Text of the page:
§ Keep copies of important records such as site maps, building plans, insurance policies, employee contact and identification information, bank account records, supplier and shipping contact lists, computer backup files, emergency or law enforcement contact information and other priority documents in a waterproof, fireproof portable container. Store a second set of records at an off-site location.

§ Talk to your co-workers about what emergency supplies the company can feasibly provide, if any, and which ones individuals should consider keeping on hand.

Information provided by Dept of Homeland Security, FEMA, CDC, ARC, Citizens Corp. Gov , National Safety Council and Curry County LEPC.

Safety First, Safety Always!

For more information, citizens may visit and

Today’s post comes to us courtesy of Ken Oswald, Safety and Security Manager for Plateau

If your backup is your primary than you don’t have a backup

My wife and I had this discussion last night because she’s slowly gotten into the habit of leaving her curling iron on, trusting in the backup safety feature that turns it off after a certain amount of time, rather than unplugging it. I told her that she shouldn’t make the backup safety feature her primary way of making sure that the iron wasn’t left on all day. If the backup safety feature should fail the iron would end up on all day and might potentially start a fire.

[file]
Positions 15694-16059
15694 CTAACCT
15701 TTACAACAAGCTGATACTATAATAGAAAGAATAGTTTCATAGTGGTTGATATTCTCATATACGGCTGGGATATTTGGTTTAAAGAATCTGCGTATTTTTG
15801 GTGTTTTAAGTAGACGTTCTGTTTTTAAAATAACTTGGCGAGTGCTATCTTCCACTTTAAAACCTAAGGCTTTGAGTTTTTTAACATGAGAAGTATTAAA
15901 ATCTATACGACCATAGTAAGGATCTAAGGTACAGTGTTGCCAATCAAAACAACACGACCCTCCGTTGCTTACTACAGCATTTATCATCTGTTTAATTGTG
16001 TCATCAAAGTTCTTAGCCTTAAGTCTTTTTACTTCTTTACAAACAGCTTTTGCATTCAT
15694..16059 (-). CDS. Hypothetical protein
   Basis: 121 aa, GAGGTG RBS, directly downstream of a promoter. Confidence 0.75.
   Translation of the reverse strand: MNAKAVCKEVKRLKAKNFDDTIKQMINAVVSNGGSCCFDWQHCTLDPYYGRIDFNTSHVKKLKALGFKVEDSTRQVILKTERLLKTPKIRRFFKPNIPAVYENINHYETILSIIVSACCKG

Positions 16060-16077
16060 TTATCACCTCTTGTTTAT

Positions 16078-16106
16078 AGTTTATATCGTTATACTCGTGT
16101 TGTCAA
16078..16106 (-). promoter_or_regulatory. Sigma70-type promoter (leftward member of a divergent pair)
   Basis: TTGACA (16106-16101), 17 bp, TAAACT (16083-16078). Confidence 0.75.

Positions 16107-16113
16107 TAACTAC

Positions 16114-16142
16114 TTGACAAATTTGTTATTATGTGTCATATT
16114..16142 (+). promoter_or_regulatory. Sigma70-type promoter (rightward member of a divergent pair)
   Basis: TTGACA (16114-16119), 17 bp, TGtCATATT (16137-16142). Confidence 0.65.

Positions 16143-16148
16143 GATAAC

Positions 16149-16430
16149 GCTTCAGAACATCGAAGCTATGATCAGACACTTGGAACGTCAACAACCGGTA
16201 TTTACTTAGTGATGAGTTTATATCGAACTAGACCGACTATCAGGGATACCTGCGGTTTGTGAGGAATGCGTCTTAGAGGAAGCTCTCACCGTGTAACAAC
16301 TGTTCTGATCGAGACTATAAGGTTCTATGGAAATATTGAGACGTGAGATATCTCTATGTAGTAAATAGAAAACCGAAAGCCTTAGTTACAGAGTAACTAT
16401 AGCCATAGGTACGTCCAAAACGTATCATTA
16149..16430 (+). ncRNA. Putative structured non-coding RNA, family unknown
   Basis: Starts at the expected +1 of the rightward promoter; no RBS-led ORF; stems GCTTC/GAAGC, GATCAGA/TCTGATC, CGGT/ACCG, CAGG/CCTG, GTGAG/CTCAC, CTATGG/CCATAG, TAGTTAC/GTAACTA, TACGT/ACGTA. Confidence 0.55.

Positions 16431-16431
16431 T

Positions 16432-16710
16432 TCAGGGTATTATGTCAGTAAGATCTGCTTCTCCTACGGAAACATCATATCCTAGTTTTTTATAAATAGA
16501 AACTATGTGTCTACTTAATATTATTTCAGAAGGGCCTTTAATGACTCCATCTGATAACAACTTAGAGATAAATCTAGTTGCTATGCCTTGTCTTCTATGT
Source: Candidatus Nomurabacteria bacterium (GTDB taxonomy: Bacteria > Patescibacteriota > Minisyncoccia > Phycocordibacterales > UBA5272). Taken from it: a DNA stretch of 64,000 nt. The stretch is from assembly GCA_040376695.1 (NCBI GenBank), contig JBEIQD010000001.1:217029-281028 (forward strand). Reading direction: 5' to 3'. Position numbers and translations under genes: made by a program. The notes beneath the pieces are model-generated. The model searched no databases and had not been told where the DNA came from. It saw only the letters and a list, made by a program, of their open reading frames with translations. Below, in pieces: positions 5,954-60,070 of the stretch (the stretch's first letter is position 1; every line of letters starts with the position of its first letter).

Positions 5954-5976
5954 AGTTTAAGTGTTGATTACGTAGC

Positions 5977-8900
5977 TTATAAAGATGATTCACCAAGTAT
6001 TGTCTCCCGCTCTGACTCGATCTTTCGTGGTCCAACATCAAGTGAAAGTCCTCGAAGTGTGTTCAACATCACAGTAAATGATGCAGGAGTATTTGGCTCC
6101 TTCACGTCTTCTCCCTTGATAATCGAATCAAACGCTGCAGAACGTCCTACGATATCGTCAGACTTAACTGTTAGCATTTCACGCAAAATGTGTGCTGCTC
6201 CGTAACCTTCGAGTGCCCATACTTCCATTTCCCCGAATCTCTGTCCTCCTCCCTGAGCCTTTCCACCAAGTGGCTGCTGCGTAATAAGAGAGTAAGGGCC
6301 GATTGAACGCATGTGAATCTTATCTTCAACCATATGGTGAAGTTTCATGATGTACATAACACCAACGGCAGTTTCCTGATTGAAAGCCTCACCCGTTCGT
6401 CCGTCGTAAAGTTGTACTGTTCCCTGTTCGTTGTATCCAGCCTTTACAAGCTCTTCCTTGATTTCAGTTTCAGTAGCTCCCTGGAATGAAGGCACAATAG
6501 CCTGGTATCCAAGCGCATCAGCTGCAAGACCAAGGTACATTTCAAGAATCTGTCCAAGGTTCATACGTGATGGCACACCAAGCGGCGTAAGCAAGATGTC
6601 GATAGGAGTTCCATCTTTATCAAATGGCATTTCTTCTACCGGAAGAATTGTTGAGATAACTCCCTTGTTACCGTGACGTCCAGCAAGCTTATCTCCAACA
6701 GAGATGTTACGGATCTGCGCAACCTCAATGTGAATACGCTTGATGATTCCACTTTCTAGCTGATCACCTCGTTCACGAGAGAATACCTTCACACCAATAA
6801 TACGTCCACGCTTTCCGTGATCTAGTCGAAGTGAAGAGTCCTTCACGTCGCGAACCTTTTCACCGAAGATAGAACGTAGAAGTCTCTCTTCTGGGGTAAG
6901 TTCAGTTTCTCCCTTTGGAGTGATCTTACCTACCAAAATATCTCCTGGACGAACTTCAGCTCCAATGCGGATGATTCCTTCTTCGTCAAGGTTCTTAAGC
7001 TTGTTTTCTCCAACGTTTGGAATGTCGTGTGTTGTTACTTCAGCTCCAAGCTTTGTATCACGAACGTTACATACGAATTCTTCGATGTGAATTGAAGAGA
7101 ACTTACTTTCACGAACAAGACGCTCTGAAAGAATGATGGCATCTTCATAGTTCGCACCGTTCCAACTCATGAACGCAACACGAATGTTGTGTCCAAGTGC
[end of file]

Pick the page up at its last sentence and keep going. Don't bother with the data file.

I did get her permission to talk about this from her and, to her credit, she agreed and said she’d try to make sure she unplugged the iron from now on (time will tell if she actually does because habits are really hard to break).

It did get me thinking about this truth however, especially as it applies to safety in the workplace. If you make you backup your primary you don’t have a backup and you defeat the purpose of the backup, putting yourself at risk.

This can apply to almost any area of safety. Let’s take the example of confined space. Confined Space entry requires that anyone going into the confined space have a primary and a secondary means of entry. In most instances, the ladder that is mounted on the inside of the well is the primary and the line that is attached to the D-ring on your body harness is the secondary. If something happens and you slip off the ladder or aren’t able to physically climb the ladder, someone else outside the well can hoist you out. If, however, you use the hoist that is intended as your backup as you primary means of entry and/or egress, you’ve now made your backup your primary and you have no backup. if something goes wrong (say the line breaks or fails somehow) the worker plummets to the ground; trust me, he isn’t going to be able to suddenly grab onto the ladder.

Another example, in everyday life, is the seat belt and the airbag. You don’t ignore the seat belt just because your car is equipped with airbags, nor to you deactivate the airbags because you’ve got seat belts. Both are necessary.

There are many more examples of safety areas that have redundancy built into them in order to make sure that a worker isn’t just protected, but protected even if something goes wrong. Redundancy is important, especially in areas where lives are at risk. They might be inconvenient at times but they are designed the way they are for maximum protection. Don’t eliminate your primary in favor of the backup or you no longer have a backup.